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I shout for history!

Well I’m glad that whole swine flu thing sorted itself out. Although I think part of me was disappointed it didn’t end up like this:

T28DAYS_LATER169-468

But when the world, in all it’s supreme idiocy decided that we can’t call it swine flu any more because it was hurting pork sales, they should’ve come to me, me Jerry to think up a new name. I saw a bit of news that was showing how ground zero was an industrial pig farm down in old Mexico—reminded me of the chaco chicken episode of The X Files. And so, it should’ve been renamed, “You Greedy Pig! flu” after the greedy capos who are responsible for it. I’ll bet it was a result of them making pigs eat pigs.

As part of my grungy researchen I’m reading the book, Our Band Could Be Your Life by Michael Azerrad. Real good. Definite pattern of -band rises—band peaks – band declines. Of course I’d always known of sonic youth and a few of the others, but the best chapter I’ve read so far has been on The Minutemen. They seemed really cool. Been listening to ‘Double Nickels on the Dime” – very different in some ways.

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The last WW2 submarine movie I watched was a gooden – ‘We dive at dawn’ – this was in part the reason why I have been trawling through this odd little subgenre. I had this faint fragment of a memory of watching some old b&w film one night in Geelong where there was a sub at dock that was being refuelled. This was that movie. It’s English. The English are so quaint.

The next era is cold war. Watched two already – The Bedford Incident, which sounds English, but is actually american, or maybe—it has some american actors and an english guy pretending to be german. It was filmed in england.  There was a touch of Dr.Strangelove style humour in there, but mostly it was pretty serious, and it was about how accidentally nuking the planet is a serious issue.

The other was right out the other end. It was cold war/UFO fusionfood. As much as I like UFOs I had to turn it off halfway through because I was tired and there was no real submarines in it. It was just people in a studio. Plus it was pretending that spaceage gigantic submarines existed, which they don’t.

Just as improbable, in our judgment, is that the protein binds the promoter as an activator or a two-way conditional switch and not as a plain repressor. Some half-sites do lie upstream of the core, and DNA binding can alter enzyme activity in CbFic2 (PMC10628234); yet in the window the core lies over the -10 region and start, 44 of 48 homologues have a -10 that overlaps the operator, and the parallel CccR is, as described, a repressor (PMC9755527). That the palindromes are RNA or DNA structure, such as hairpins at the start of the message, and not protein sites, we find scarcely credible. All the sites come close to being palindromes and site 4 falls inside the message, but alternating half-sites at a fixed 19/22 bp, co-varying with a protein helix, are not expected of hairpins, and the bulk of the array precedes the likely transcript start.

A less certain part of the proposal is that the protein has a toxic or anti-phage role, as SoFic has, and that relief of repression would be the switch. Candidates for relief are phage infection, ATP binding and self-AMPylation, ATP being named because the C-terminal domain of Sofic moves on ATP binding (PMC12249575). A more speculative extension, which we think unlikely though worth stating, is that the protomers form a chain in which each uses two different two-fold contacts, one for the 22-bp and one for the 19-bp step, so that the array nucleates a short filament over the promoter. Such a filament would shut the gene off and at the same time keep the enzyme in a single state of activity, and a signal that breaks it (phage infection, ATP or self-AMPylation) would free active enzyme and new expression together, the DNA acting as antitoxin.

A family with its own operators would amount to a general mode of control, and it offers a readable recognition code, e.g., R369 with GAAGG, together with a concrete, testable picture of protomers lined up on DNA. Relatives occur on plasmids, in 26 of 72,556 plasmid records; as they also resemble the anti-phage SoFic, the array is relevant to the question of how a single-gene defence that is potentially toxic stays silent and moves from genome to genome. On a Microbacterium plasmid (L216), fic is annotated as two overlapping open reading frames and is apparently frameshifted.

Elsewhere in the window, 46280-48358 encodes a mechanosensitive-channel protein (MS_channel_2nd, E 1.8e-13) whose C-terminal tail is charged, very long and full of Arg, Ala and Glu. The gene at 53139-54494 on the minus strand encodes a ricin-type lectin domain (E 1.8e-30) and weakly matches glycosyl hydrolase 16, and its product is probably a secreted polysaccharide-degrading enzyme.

, , , , — YS @ 3:19 pm, May 4, 2009

tl;dr

Hello friends,

Just taking a few minutes out of my busy schedule to tell you about a few things I’ve observed lately.

On the internet, it’s all about getting things done quickly. No one has time to write full words anymore. And so, we get this netspeak. For example, there’s the abbreviation, “tl;dr” I guess I first saw this five or six years ago on one of the more advanced (that is to say, nerdy) internet discussion forums. It means, “too long; didn’t read”. That is to say, “What you wrote was very long, and I, the other person, for whatever reason, laziness, being in a hurry—did in fact not read it. And while I did, as I say, not in fact have time to read it, I did have the time to let you know that I didn’t”.

This is all well and good. However, what I have observed recently is a rather disturbing trend among either the younger teens, or the very stupid (I can’t tell because it’s on the internet and I can’t see these people) whereby these people are actually misusing ‘tl;dr’. It’s being used in places where a more literate or diligent person would use a phrase like, “to cut a long story short”, or “suffice to say”. All I can say is idiots get a brain.

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I continue to watch submarine movies. If any of them that I had watched was truly good, I would have mentioned it.